Saturday, December 11, 2004

whoa-- there is a God!

So says famed atheist-- now ex-atheist-- Anthony Flew, according to a recent article. Flew's conclusion appears to be based on the dazzling complexity of DNA, and he's come to accept some version of the Intelligent Design argument as an explanation for life on earth.

A few notes:

1. Flew states that science "has shown, by the almost unbelievable complexity of the arrangements which are needed to produce (life), that intelligence must have been involved." But scientists themselves are far from unanimous on the subject. If anything, the prevailing ethos of scientific skepticism almost guarantees that scientific "Intelligent Designism" will remain a minority position. Flew is using scientific evidence to come to a conclusion not reached by a majority of scientists.

2. As plenty of people (including Flew himself) have pointed out, Intelligent Design Theory in no way implies that the designer is the Judeo-Christian God.

3. Flew's conclusions, if based only on what we know about the human genome, are derived from too parochial a source to be applicable cosmos-wide. Unless Flew is stating a narrow contention that "life on earth was designed," he would need to consider evidence from science's cosmological wing before claiming that the entire universe has an intelligent designer. Not having read any Flew before stumbling upon this article, I can't say for sure that Flew is, in fact, citing only the genome as evidence for his newfound theism.

4. An interesting insight I read in the pop-science book Taking the Red Pill: Philosophy and Religion in the Matrix is this: Never confuse intelligence with consciousness. The man who contends this, Peter B. Lloyd (see especially pp.118-120), says it may be possible for us to design machines that solve problems and navigate the human world with extremely complex heuristic algorithms, but this doesn't mean the machines are anything more than machines. As he puts it:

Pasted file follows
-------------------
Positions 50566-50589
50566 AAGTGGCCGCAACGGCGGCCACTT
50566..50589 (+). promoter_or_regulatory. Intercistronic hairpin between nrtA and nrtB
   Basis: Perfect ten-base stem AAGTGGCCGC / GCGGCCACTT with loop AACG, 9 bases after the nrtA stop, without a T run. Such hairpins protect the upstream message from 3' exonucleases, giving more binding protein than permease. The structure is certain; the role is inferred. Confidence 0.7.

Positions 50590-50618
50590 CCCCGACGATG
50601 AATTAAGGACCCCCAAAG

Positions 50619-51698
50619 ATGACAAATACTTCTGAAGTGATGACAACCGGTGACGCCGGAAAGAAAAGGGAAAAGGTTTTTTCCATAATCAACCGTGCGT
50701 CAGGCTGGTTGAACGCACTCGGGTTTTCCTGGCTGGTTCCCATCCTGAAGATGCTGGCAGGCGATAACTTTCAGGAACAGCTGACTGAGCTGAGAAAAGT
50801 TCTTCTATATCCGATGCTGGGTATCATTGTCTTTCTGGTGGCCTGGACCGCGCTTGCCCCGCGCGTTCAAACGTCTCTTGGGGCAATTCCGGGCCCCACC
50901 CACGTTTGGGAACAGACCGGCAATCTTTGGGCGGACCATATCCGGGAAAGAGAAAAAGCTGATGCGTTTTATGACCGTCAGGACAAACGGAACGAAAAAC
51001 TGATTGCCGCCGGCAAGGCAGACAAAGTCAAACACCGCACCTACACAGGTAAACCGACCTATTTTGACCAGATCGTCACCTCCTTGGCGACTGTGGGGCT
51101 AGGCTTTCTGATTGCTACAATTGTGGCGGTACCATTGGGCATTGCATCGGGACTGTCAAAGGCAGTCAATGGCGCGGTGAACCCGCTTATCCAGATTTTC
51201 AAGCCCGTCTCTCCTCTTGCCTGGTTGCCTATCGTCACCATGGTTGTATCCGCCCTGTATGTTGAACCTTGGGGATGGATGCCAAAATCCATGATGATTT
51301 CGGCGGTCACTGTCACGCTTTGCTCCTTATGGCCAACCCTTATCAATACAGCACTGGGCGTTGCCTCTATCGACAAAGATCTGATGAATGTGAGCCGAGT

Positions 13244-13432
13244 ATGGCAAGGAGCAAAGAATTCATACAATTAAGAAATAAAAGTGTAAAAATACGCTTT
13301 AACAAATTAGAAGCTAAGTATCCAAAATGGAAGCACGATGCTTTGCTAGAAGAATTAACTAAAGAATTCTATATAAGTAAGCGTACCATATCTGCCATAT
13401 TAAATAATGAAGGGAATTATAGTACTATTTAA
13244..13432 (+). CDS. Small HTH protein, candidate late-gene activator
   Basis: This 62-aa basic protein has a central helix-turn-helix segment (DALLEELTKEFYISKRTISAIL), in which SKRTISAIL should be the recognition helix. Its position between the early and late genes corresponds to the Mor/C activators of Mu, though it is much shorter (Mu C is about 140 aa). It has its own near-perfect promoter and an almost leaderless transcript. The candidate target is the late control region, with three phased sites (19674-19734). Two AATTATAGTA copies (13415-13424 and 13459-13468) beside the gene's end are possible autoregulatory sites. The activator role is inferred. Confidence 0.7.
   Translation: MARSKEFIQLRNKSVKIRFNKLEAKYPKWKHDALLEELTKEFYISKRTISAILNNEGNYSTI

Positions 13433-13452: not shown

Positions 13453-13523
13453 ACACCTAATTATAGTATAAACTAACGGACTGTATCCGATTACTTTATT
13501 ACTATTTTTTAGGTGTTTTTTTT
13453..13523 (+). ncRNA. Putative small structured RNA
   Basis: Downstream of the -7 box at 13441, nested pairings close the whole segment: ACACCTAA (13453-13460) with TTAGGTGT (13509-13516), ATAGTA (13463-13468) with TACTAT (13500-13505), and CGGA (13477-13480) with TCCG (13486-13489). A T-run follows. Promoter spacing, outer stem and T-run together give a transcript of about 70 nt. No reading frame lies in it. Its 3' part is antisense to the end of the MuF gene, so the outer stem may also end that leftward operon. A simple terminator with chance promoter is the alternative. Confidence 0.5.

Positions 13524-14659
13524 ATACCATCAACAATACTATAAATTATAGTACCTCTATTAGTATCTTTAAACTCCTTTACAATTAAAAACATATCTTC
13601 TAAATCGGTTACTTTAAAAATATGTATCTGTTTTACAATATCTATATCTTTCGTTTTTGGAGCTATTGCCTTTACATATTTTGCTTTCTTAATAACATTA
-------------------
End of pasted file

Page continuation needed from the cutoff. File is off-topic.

Intelligence is the capacity to solve problems, while consciousness is the capacity for the subjective experience of qualities.... A digital computer can be programmed to perform intelligent tasks... without any need to introduce enigmatic conscious experiences into the software. On the other hand, a conscious being can have subjective experiences-- such as seeing the color red or feeling anger-- without needing to use intelligence to solve any problems.*

If we accept Lloyd's definitions and apply his insight to the question of intelligent design, we have even less reason to believe that our hypothetical intelligent designer is in fact a Person in the required theistic sense (and it is, after all, theists who are most interested in this argument).**

I don't think science is going to provide an answer to the fundamental question, "Why is there something instead of nothing?" Not anytime soon, anyway.

[Article found through a link on Dr. Vallicella's site.]

*I would caution anyone seeking to rebut Lloyd's position that they need to read Lloyd's chapter in its entirety before passing judgement. The snippet I've quoted doesn't tell you everything.

**Notice that, even if you define "intelligence" and "consciousness" differently from Lloyd, it's still conceivable that the universe's designer isn't personalistic.


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